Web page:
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What a classic own goal! PM Theresa May undertook the gamble of an election to further increase her majority heading into Brexit negotiations and lost badly. The UK now has a ‘hung parliament’. Brexit talks are due to start on June 19th, but realistically nothing is likely to be addressed until after the German election in September given that Angela Merkel ‘calls the shots’ in Europe.
What caused the shock? The Conservatives were clearly banking on UKIP voters to turn to them but many returned to Labour. In addition, Labour made a big push for young voters, who haven’t voted in high numbers, but did this time.
The vote by the young might be seen as protest against soaring student indebtedness and a dysfunctional housing market. The young were ‘Remainers’ in the EU referendum, the older generation who normally vote and have a high proportion of wealth were ‘Brexiteers’. Theresa May also managed to shoot herself in the foot with her proposed ‘dementia tax’.
Theresa May is now looking to form a functioning administration, with the support of the Democratic Unionist Party (DUP). But does she have the support from her own party?
The UK appears to have returned to a two-party political state and that the Labour party has increased its voting share, having taken a serious lurch to the left. In addition, the loss by the SNP of so many seats in Scotland would appear to have greatly reduced the chances of a second Scottish referendum.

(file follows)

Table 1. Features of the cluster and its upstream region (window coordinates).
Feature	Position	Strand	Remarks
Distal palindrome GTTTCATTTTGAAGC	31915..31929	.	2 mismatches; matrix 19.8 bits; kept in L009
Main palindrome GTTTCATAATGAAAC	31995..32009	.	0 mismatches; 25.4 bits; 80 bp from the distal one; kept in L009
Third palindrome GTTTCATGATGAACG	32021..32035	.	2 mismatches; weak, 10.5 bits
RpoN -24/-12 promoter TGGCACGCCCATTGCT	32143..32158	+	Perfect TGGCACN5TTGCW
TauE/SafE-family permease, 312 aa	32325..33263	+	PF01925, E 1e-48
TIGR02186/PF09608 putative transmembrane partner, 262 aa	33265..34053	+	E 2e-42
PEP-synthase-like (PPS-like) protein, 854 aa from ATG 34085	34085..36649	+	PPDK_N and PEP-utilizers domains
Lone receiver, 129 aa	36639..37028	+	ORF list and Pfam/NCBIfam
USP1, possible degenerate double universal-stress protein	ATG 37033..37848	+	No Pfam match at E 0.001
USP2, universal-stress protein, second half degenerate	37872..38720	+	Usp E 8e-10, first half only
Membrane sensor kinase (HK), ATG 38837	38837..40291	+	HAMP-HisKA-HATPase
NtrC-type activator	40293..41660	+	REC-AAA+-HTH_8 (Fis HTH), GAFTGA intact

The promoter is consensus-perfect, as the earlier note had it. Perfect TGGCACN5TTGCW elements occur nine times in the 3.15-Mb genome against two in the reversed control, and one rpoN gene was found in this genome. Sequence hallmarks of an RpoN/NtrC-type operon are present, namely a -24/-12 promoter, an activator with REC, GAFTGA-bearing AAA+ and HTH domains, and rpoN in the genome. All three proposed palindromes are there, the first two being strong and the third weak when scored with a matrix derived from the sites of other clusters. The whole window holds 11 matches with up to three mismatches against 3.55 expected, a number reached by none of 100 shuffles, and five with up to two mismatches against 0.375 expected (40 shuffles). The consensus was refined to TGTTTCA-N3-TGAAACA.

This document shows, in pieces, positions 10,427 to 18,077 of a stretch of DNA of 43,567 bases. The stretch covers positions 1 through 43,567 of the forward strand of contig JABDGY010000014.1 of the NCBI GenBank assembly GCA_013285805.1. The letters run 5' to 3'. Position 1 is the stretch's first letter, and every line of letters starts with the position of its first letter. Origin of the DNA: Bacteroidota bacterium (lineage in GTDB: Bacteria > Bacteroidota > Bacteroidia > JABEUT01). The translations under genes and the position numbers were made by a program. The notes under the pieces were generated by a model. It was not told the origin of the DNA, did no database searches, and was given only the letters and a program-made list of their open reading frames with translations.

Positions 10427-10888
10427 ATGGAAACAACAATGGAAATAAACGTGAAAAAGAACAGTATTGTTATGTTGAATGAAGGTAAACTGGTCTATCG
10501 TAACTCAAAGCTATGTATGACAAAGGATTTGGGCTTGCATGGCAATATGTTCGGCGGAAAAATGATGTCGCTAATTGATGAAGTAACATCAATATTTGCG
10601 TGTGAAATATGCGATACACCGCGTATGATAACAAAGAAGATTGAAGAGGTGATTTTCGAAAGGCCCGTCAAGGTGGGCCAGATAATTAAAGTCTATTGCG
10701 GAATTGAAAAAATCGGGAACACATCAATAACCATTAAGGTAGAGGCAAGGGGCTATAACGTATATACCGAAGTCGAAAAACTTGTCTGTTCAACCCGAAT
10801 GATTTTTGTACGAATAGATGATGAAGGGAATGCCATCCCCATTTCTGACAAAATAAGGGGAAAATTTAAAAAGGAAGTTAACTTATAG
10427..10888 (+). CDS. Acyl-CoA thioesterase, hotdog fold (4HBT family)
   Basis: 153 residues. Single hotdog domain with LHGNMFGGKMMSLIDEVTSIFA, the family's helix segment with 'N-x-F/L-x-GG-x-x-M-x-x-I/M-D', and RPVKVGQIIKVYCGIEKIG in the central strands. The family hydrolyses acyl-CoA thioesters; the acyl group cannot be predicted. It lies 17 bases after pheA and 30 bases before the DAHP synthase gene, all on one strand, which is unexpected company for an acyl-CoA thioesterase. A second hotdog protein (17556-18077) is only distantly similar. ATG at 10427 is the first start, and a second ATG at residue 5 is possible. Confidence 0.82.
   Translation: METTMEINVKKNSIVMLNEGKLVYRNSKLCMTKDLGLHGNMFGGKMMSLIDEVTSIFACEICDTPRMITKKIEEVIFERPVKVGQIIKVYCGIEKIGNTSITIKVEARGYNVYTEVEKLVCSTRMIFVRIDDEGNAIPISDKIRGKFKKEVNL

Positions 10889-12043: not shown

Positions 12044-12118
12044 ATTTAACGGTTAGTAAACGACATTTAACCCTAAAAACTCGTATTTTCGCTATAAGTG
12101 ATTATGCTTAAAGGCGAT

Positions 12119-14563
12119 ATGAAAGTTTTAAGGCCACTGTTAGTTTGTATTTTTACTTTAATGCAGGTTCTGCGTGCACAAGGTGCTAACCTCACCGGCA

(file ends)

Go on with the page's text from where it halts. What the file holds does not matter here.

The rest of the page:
In view of the election result, the Conservatives may have to shift from austerity towards greater stimulative fiscal measures.
The UK is about to start negotiating with Brussels, but from a distinctly weakened domestic political position. The UK may find itself having to settle greater dues to the EU. The threat of a cliff-edge ‘no deal is better than a bad deal’ has diminished and this may result in a ‘soft Brexit’ which actually could be better news for the UK economy. This assumes the EU takes a more benevolent stance. The DUP will no doubt be keen to secure an open border with Ireland which also suggests a ‘soft Brexit’. How the hardcore Brexit Conservative MPs react to this, remains to be seen.
Unfortunately, it all adds up to yet more political uncertainty. This was reflected in Sterling falling against the Dollar. However, the Bank of England will no doubt remain supportive and the UK stock market is not the UK economy. As happened on June 24th last year after the Brexit vote, UK focused companies are under pressure while FTSE 100 companies with more overseas earners are generally proving more resilient.
Like the UK weather, the market outlook appears rather unsettled. However, the global economy is improving and many UK companies look well positioned to benefit.
What have we been watching?
‘Super Thursday’ last week saw the UK election shock, the keenly awaited ECB policy statement and former FBI director give evidence about the US presidential election campaign. While North Korea has disappeared off the front pages for now it has been replaced by rising tensions in the Middle East with implications for oil.
Investors appear to be growing disenchanted with Donald Trump’s administration and ability to push ahead with tax reform to stimulate the economy. However, Donald Trump has again tweeted to say that he has had ‘great’ meetings with the House and Senate leaders supposedly around topics of tax reform and healthcare. The concern seems to be that the investigations over his campaign’s alleged ties to Russia will distract him from the economic task-in-hand.